Kurt Osburn rode a Wheelie on his bicycle from Hollywood, CA (USA) to the Guinness World Records Experience in Orlando, FL. from April 13th to June 25th, 1999. He rode 2,839.6 miles on one wheel setting a new Guinness World Record and becoming the first person in history to ride a bicycle wheelie coast to coast!
Interesting Facts: averaged 50 miles a day with winds in excess of 40 miles per hour, traveled on the 110 Highway, was chased by dogs almost everyday, had 4 flat tires (on the rear tire of course), over 1.8 million pedal revolutions from start to finish.
A bicycle wheelieTo perform a wheelie on a bicycle, put the bike in low gear and pedal forward while pulling hard on the handlebars. This can most easily be done from a starting position. Experts with sufficient experience and strength can, using the proper gearing, execute successful wheelies while moving. While the front wheel is in the air, maintain an upright posture and lean around to control balance - do not hunch over the handlebars. For added control, tap the rear brake (forward balance) or pedal forward (rearward balance).
A wheelie can be maintained indefinitely. To complete the move, lean forward and allow the front wheel to drop back to the ground. Ensure it is straight on contact, or control of the bike may be lost.
Once the wheelie has been conquered the manual wheelie can be attempted. This is the same as a wheelie but without pedaling. The bike is balanced by the rider's weight and sometimes use of the rear brake.
To travel farther on the back wheel of a bicycle, the rider must put the bike into a higher gear with the body weight leaned forward (over the handle bars if needed) and the stronger foot highest in the pedalling cycle. The rider kicks hard with the stronger foot, throw all their weight backwards and lands their backside on the seat, then straighten out the arms and put weight and tension on them. The rider keeps pedalling, and when the wheelie feels too high up, feathers the back brake slightly.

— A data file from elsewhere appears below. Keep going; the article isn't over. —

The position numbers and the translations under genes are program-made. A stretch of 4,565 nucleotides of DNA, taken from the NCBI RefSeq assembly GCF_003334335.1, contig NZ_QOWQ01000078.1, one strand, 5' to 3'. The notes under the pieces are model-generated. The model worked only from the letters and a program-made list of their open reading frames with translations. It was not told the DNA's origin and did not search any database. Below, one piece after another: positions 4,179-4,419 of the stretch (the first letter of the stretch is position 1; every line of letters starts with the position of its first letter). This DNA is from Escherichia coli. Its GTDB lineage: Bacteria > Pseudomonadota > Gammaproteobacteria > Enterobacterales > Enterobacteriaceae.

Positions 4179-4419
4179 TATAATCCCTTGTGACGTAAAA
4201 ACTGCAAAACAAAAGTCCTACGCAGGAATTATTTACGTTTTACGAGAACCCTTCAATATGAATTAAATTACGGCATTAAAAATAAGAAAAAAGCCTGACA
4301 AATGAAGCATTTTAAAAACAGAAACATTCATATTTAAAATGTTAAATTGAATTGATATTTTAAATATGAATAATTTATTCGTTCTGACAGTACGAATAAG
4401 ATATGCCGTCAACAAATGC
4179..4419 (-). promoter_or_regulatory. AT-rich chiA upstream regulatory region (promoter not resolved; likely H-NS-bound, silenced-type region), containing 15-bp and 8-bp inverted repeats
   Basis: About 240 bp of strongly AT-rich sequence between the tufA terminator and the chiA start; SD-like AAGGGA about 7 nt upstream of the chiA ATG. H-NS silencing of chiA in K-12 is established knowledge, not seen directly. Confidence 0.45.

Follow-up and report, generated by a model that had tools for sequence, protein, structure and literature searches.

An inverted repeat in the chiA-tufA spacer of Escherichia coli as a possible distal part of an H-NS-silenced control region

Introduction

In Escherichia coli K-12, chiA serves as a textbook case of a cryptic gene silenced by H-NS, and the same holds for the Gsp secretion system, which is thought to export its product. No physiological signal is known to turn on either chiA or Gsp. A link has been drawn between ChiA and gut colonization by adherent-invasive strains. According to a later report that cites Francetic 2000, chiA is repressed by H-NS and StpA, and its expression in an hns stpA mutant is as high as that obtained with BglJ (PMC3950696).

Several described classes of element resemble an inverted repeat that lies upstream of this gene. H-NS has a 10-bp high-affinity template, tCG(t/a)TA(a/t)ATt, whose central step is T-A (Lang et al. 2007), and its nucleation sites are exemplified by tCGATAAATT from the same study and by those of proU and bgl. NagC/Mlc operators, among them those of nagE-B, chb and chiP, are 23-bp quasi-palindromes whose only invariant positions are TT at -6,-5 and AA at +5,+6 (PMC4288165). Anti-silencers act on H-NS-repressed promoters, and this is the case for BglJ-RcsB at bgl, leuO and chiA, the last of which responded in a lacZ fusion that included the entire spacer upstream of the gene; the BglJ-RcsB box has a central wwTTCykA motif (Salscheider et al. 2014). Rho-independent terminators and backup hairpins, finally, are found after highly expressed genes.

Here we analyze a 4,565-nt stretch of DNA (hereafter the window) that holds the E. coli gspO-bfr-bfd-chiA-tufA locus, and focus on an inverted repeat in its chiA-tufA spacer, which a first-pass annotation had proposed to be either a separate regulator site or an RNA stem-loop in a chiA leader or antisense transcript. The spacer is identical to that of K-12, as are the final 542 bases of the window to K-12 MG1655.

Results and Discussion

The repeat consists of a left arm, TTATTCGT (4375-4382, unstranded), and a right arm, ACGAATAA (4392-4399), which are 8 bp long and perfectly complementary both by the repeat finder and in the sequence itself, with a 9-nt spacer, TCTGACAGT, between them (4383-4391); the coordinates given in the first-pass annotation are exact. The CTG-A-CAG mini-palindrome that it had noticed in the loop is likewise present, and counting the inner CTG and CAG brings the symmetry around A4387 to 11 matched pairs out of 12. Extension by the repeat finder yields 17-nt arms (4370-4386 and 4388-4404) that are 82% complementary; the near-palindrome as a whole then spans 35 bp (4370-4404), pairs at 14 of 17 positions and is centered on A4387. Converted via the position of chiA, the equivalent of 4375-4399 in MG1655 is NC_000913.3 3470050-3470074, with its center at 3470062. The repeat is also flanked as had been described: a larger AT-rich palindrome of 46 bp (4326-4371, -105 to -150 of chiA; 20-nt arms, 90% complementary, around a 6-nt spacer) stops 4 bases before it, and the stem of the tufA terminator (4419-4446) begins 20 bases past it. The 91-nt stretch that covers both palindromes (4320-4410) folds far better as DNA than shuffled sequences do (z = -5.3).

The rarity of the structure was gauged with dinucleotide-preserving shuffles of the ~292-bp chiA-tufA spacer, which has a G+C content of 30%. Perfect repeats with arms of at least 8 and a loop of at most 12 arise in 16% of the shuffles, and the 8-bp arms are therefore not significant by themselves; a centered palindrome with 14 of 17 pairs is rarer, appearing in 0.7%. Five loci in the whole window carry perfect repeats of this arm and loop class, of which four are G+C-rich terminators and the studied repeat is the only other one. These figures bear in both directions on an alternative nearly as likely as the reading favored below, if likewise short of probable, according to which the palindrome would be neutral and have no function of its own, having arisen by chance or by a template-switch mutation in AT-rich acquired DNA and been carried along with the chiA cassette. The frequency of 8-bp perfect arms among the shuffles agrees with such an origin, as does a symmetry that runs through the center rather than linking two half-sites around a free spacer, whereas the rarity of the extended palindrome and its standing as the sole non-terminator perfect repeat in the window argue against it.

To lower the "balance point", put the saddle higher up, which will mean that the "maximum height" of the wheelie is brought down, and it will also be more comfortable to go for long distances on the back wheel. There is a skill to being able to stop on the back wheel, and then keep going more slowly, this can be done by striking a balance between the back brake and the pedalling.
Leaning back too far (i.e. as a result of pedalling too hard) will cause the bike to fly out from under the rider. Although most riders will instinctively hit the ground running, practice recovering from this event before attempting an actual wheelie. Balancing left to right can easily be controlled in the air by moving the knees and handlebars back and forth.
Injury can be avoided by keeping speeds down and/or learning to use the rear brake. However, higher speeds, unintuitively, are often necessary to master the wheelie as more balancing skills are necessary with decreasing speed, which are usually not present without sufficient practice. For this reason, beginners attempting wheelies on bicycles should tune up their rear brakes and aim for an 12-18 km/h (8-12 mph) wheelie for maximum safety.
Thanks to Matt Pingel for the link.